July 11, 2019

What can I do after the Level 3 AET course?

I’ve completed the Level 3 Award in Education and Training and now I’ve started running training courses at work. What can I do next?

What should I do next?

As you’ve taken the AET course (Level 3 Award in Education and Training) and started running some courses, you’re not alone in wondering what to do next. Your priority should be building your skills and investing time and effort in your own development, the more effort you put in now the better the results will be. Here are some ideas to help you get started.

1. Update your knowledge of what you are teaching. It’s only natural to think that we know everything we need to about the topics we are teaching, but if you’ve got your AET and are teaching regularly it’s easy to start getting out of date and behind with what’s happening in your industry. It’s fact which affects us all when teaching, the very act of running courses takes your time and attention away from the front line. The best ways to overcome this include getting out and making an effort to talk to people in your sector, either informally by just calling and having a chat or by getting out to trade conferences and events. By doing this you’ll also make connections with people and you never know when that might come in useful. Also make sure that you read the trade press and sign up for any email updates form organisations in your field which might be useful in keeping you current. The HR Department jargon for this is CDP or Continuing Professional Development

2. Do the Level 4 CET course (Certificate in Education and Training – 8 days). You’ll have to be teaching/training already to do this as part of the course involves being monitored teaching real candidates. It’s the next course up from AET, and it certainly involves hard work as the course requirements go into more depth than with the Level 3 AET. But despite the effort involved it’s a great way to improve you. teaching skills and knowledge and end up with the qualification as proof.

3. If you find the 8-days for the Level 4 CET a bit daunting then seriously consider taking a Level 3 Assessor course (Level 3 Award in Assessing Vocationally Related Achievement or CAVA Level 3 Certificate in Assessing Vocational Achievement) which builds on your existing knowledge of assessing which you covered on the AET. As you are already “in the system” as it were with candidates of your own you’ll find getting through this qualification straightforward. You’ll cover in-depth the different types and methods of assessment, how to best carry these out and what the current best-practice is in this area. Remember that a lot of awarding organisations are making it compulsory for anybody delivering their qualifications to have the Level 3 Assessor course (which replaced the old A1 and D32 qualifications). Just getting this course under your belt will open doors for you in the education and training field.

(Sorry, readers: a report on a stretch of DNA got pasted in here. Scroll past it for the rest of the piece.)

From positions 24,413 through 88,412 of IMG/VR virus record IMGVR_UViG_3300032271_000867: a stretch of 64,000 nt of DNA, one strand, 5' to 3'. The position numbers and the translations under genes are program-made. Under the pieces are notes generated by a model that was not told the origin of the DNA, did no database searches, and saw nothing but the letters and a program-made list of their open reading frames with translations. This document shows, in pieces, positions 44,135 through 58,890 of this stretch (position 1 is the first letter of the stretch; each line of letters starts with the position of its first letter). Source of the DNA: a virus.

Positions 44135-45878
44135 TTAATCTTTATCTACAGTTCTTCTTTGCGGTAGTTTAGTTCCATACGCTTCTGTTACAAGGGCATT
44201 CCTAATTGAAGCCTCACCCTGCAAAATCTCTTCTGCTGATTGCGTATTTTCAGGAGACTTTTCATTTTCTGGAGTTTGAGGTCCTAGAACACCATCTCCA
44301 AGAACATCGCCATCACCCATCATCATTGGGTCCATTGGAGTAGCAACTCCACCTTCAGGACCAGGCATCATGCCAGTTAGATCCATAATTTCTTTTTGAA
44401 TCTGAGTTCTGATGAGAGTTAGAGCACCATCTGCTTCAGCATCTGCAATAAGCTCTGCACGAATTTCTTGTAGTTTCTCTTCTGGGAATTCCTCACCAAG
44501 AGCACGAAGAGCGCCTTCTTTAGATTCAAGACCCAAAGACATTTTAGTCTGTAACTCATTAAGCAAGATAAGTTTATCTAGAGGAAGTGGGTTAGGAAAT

4. Expand the range of courses you can teach – even if you do this in baby steps it’s great to grow your own personal repertoire of courses/topics/subjects you can teach. There’s all sorts of ways to do this but a good start is to go and observe another course, offer to sit in and help the trainer. This will not only give you a chance to observe somebody else’s teaching style but you’ll pick up how things are done and get an insight into how you could start. And don’t be shy, most teachers or trainers will be very happy for you to help them out.

5. Turbo-boost your employer’s training scheme – your company probably already has some training going on, even if this is just staff inductions and updates. Teaching in these areas tends to be a bit neglected, often because those tasked with doing them are often busy manager with a full workload already. That’s where you come in and have a look at what you do using the skills you picked up on the AET course. You can spruce things up by getting the training organised with properly planned teaching and making sure those taking part can see that they are being well taught. You’ll increase you own status within the company and take a load off your colleagues shoulders. As well as making yourself useful/indispensable you’ll boost your firm’s professional standing and improve how things are done.


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